The instance locator can be used to store modification to a procedural object.22: The instance locators of Lipp et al.6. or to add some portion of the shape to two separate portions of the hierarchy. right. By constraining the modeling tools to those that may be translated to production rules. However using this system requires the user to comprehend the underlying grammar before using it. Additional difficulties are caused by problems placing objects over two or more disjoint portions of the hierarchy. as in Fig. while some shape grammars do use such a hierarchy[223]. The problem of over-compartmentalisation is uniquely critical to split shape grammars. 2. To do this Lipp introduces instance locators to store user edits in a split shape grammar. An alternative is given by Lipp et al. the user is able to quickly produce a PGM without interacting with the grammar itself.22. who allows the user to construct a grammar by editing an example instance. [140] identify a component by its position in a derivation tree (left).[140].2. Several attempts have been made to simplify the process. 124]. giving an understanding of the relationship between application possibilities of the rules. In these situations it is necessary to re-write the grammar to add a new shape. such as a modification to the style of a window. For example sharing information about the number of elements in a fa¸ cade. as in Fig. Fig 2. left.23.23. right. Recently work has begun to address this issue by creating connection patterns between portions of two different shape grammars[125]. . middle or end of the split sequence. and Malay houses[204]. and animatable articulated objects structures[109]. After each production rule the index referred to (dashed lines) can be stored relative to the start. The first presents the production rules as a graph[180]. Strict hierarchy and over-compartmentalisation can cause problems when working with shape grammars[104]. Writing the production rules for split grammars is somewhat involved and required specialist knowledge. many do not[142. this edit must be encoded into the grammar. 2. Novel uses of split shape grammars include the presentation of uncertainty in archaeological findings by presenting several derivations of a grammar[94]. in a persistent manner. Split Shape Grammars 27 Figure 2. When a user edits a single feature in an example instance.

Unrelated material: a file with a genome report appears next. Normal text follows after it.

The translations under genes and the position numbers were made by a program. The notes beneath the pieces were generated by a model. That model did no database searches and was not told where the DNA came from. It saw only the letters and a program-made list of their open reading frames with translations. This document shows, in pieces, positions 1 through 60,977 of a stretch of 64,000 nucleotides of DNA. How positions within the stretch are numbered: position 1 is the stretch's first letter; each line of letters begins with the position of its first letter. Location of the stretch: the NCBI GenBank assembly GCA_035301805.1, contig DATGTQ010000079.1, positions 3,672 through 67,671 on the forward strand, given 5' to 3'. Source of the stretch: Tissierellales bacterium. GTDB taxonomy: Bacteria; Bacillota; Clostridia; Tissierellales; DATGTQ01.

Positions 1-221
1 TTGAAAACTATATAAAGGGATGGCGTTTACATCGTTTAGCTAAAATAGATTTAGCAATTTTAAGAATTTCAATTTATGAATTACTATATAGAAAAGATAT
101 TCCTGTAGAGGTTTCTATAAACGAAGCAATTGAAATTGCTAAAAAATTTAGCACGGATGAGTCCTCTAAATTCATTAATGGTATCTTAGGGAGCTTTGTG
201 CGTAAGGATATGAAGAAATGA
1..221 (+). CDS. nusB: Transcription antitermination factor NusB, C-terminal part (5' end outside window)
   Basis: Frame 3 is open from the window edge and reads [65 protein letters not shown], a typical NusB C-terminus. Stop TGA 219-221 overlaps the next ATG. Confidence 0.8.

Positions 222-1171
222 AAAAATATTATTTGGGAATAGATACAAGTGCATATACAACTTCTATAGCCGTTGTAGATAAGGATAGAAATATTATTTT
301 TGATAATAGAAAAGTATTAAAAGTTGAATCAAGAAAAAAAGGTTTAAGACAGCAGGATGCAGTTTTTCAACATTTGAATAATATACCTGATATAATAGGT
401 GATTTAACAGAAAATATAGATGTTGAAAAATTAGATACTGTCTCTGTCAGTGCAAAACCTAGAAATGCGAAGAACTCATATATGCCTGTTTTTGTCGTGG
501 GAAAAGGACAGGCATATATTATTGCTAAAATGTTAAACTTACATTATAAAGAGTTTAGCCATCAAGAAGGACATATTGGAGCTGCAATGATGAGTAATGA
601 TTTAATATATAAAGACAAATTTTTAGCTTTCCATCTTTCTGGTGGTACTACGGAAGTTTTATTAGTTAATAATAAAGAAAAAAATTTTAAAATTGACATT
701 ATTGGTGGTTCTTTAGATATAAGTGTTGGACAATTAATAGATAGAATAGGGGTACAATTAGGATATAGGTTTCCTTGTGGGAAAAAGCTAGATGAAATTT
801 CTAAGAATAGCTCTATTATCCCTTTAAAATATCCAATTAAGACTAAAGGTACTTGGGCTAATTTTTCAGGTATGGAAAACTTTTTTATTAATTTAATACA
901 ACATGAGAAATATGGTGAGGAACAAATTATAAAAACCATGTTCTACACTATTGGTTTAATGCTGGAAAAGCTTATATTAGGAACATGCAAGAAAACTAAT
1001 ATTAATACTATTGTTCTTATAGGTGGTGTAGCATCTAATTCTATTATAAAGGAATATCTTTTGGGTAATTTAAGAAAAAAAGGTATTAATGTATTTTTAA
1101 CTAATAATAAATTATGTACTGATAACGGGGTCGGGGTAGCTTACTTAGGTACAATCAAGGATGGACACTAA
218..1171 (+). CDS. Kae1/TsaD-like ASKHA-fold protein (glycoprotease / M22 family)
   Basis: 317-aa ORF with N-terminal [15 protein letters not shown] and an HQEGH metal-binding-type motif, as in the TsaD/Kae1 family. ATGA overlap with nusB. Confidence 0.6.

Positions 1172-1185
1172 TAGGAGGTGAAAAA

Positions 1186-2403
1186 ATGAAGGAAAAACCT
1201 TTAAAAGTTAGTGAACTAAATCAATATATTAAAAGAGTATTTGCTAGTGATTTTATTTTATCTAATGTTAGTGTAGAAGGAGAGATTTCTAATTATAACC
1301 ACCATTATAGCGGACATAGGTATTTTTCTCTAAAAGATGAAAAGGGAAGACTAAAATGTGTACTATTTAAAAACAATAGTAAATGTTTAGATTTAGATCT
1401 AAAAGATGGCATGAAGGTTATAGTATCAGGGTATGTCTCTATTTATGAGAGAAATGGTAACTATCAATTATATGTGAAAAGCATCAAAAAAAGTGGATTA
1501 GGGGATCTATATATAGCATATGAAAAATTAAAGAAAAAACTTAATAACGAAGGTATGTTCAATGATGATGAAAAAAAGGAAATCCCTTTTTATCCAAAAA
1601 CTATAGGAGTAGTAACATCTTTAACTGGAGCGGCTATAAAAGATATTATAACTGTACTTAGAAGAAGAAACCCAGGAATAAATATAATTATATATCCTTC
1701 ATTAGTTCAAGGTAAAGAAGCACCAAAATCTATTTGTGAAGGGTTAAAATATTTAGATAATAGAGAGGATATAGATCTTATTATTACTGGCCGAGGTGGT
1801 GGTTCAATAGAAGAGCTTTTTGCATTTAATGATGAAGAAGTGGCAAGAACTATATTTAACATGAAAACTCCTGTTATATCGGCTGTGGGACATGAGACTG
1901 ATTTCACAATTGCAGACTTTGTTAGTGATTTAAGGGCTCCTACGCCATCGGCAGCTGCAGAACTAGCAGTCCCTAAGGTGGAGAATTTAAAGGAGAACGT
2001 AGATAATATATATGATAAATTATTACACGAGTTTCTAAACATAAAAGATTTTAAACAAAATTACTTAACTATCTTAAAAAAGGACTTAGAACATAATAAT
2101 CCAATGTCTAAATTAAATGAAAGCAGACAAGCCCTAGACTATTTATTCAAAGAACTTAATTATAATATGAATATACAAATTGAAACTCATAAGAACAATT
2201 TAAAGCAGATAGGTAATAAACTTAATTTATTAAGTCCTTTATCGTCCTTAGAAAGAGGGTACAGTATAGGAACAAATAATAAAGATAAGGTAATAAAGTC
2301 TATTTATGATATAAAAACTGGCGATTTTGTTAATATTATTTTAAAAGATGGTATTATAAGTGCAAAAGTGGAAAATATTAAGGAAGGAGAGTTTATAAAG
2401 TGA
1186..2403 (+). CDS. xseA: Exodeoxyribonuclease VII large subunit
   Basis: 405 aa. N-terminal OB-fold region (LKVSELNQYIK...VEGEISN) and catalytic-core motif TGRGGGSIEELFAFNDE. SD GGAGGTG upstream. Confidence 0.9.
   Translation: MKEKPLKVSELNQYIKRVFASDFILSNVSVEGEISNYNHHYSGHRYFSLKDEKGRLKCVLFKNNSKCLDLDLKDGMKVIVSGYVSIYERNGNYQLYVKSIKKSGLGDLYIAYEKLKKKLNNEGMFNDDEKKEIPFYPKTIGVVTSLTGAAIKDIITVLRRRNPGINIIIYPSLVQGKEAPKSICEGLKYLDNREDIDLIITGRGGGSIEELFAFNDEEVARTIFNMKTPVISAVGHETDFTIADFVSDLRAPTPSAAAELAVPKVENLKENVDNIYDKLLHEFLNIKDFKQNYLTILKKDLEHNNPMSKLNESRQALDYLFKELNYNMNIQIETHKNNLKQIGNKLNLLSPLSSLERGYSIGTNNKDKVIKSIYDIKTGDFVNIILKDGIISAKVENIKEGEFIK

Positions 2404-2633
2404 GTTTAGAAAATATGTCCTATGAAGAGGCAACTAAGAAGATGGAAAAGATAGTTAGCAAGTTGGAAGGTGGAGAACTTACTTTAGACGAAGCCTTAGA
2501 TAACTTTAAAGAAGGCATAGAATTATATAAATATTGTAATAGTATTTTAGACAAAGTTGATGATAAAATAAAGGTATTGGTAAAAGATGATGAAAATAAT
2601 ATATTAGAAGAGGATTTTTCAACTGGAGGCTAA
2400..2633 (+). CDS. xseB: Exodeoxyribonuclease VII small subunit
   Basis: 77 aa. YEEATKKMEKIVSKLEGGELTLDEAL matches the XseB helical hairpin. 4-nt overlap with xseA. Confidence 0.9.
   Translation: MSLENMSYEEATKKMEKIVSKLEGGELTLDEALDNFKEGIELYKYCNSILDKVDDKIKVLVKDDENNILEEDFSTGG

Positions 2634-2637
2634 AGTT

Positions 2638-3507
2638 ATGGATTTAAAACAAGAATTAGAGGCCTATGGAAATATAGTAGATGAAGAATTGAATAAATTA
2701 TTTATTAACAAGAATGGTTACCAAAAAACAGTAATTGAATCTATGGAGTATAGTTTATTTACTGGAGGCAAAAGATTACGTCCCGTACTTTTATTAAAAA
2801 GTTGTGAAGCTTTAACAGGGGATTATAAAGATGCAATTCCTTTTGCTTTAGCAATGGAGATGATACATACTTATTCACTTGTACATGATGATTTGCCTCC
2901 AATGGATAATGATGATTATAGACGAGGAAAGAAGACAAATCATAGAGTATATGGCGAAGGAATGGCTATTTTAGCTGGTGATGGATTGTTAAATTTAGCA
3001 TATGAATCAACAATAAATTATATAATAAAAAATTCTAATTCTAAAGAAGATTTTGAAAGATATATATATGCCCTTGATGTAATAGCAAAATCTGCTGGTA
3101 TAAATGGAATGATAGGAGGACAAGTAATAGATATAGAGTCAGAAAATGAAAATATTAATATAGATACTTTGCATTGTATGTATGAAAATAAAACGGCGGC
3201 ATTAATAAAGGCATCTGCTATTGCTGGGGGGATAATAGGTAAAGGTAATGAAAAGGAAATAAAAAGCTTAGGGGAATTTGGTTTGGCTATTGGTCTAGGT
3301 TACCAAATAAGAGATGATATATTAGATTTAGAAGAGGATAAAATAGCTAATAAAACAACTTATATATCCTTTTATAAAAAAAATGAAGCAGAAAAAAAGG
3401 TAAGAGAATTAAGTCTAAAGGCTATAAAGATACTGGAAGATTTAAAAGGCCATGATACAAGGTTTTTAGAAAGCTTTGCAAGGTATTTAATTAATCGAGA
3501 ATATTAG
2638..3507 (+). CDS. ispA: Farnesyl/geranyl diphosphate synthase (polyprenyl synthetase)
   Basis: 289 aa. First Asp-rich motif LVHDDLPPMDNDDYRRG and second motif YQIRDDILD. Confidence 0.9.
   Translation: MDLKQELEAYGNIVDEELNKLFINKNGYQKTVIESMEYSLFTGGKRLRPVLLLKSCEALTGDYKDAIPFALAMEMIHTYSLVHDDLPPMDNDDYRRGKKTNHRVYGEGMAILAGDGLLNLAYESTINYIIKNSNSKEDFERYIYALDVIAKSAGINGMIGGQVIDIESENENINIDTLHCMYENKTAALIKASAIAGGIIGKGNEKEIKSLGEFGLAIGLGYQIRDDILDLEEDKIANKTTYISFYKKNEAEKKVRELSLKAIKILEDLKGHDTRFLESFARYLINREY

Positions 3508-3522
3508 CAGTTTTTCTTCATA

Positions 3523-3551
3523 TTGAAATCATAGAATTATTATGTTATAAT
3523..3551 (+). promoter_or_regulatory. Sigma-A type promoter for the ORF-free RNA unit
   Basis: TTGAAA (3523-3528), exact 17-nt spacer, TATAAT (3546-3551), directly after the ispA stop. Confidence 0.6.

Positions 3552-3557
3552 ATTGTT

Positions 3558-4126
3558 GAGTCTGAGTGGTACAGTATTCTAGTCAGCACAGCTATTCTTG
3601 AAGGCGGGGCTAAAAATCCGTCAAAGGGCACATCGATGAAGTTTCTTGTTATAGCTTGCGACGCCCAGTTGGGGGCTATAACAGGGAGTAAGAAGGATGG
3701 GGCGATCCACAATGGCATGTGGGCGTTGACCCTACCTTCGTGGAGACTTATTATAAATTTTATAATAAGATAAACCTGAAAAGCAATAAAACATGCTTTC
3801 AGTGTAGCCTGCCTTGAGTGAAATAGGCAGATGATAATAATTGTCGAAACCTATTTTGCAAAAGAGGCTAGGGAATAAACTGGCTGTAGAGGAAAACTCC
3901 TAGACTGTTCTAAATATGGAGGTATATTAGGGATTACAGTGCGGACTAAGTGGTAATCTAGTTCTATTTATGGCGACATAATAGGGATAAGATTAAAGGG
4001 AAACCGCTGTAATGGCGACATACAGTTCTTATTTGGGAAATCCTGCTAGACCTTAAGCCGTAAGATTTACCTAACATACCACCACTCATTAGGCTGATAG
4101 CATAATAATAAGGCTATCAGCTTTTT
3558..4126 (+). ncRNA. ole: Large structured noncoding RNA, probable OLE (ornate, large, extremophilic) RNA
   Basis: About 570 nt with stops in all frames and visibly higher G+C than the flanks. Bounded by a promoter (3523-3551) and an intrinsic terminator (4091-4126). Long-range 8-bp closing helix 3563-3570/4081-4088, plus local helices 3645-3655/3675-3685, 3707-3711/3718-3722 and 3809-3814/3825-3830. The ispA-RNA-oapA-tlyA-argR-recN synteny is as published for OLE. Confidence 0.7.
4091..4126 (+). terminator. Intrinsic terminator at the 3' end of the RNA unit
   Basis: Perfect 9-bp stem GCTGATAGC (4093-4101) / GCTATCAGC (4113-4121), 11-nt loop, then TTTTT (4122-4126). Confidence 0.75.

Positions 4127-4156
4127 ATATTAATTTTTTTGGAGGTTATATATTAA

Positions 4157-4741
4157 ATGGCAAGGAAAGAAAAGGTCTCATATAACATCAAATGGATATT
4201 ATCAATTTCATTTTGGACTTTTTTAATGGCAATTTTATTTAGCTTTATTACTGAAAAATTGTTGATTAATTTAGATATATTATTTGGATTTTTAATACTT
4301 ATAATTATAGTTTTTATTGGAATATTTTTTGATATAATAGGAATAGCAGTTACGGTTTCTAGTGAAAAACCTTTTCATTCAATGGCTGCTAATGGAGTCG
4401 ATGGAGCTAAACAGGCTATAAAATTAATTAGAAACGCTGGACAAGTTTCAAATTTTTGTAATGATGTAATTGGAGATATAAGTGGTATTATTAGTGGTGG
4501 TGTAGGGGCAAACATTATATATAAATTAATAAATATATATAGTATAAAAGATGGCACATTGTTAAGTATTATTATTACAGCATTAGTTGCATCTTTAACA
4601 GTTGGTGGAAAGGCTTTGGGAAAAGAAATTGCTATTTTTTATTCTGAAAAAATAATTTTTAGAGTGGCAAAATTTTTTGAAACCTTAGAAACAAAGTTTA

2.7. Data Flow Programming

28

Figure 2.23: Left: The strict hierarchy may cause problems for coordinating features, as in this evaluation of the grammar of Fig. 2.21, showing a lack of synchronisation between the ground floor and upper windows. Right: The over-compartmentalisation means that it is impossible to place some features that cross over the hierarchy’s bounds, such as positioning an intercom near the door (black rectangle).

2.7

Data Flow Programming

Data-flow graphs are a model of parallel computation introduced as an alternative to the classical von Neumann model. Written imperative programming languages are typically a 1D sequence of symbols which explicitly sequence instructions. This ordering of instructions is typically associated with the von Neumann model, which executes a single instruction at a time. In contrast, a parallel model of computation may execute many instructions concurrently. To schedule the execution of a single instruction, a general requirement is that the instruction’s inputs are available — whether they have been entered by the user or calculated by a previous instruction. The necessity of the inputs’ availability creates a dependence of the following instruction on the previous instructions’ execution, and may be represented as a data flow from the previous function to the next, as in Fig. 2.24. In this way data flow languages are declarative, allowing the executing system’s scheduler to determine the order of operations given the data flow constraints. We introduce data flow languages, and in particular graphical data flow languages for geometry as a typical example of a general non-written PGM system, before looking at an example commercial application. The topic of data flow programming occupies a wide range of our procedural spectrum. A data flow language with loops may be Turing complete, and has many applications from parallel programming to task scheduling. However there are a number of implementations that are graphical and geometrical — their user interface is a graphical graph editor, and their output is geometrical. These are the use cases that are of most interest to PGM, being of similar generality to shape grammars, being concerned with the graphical domain.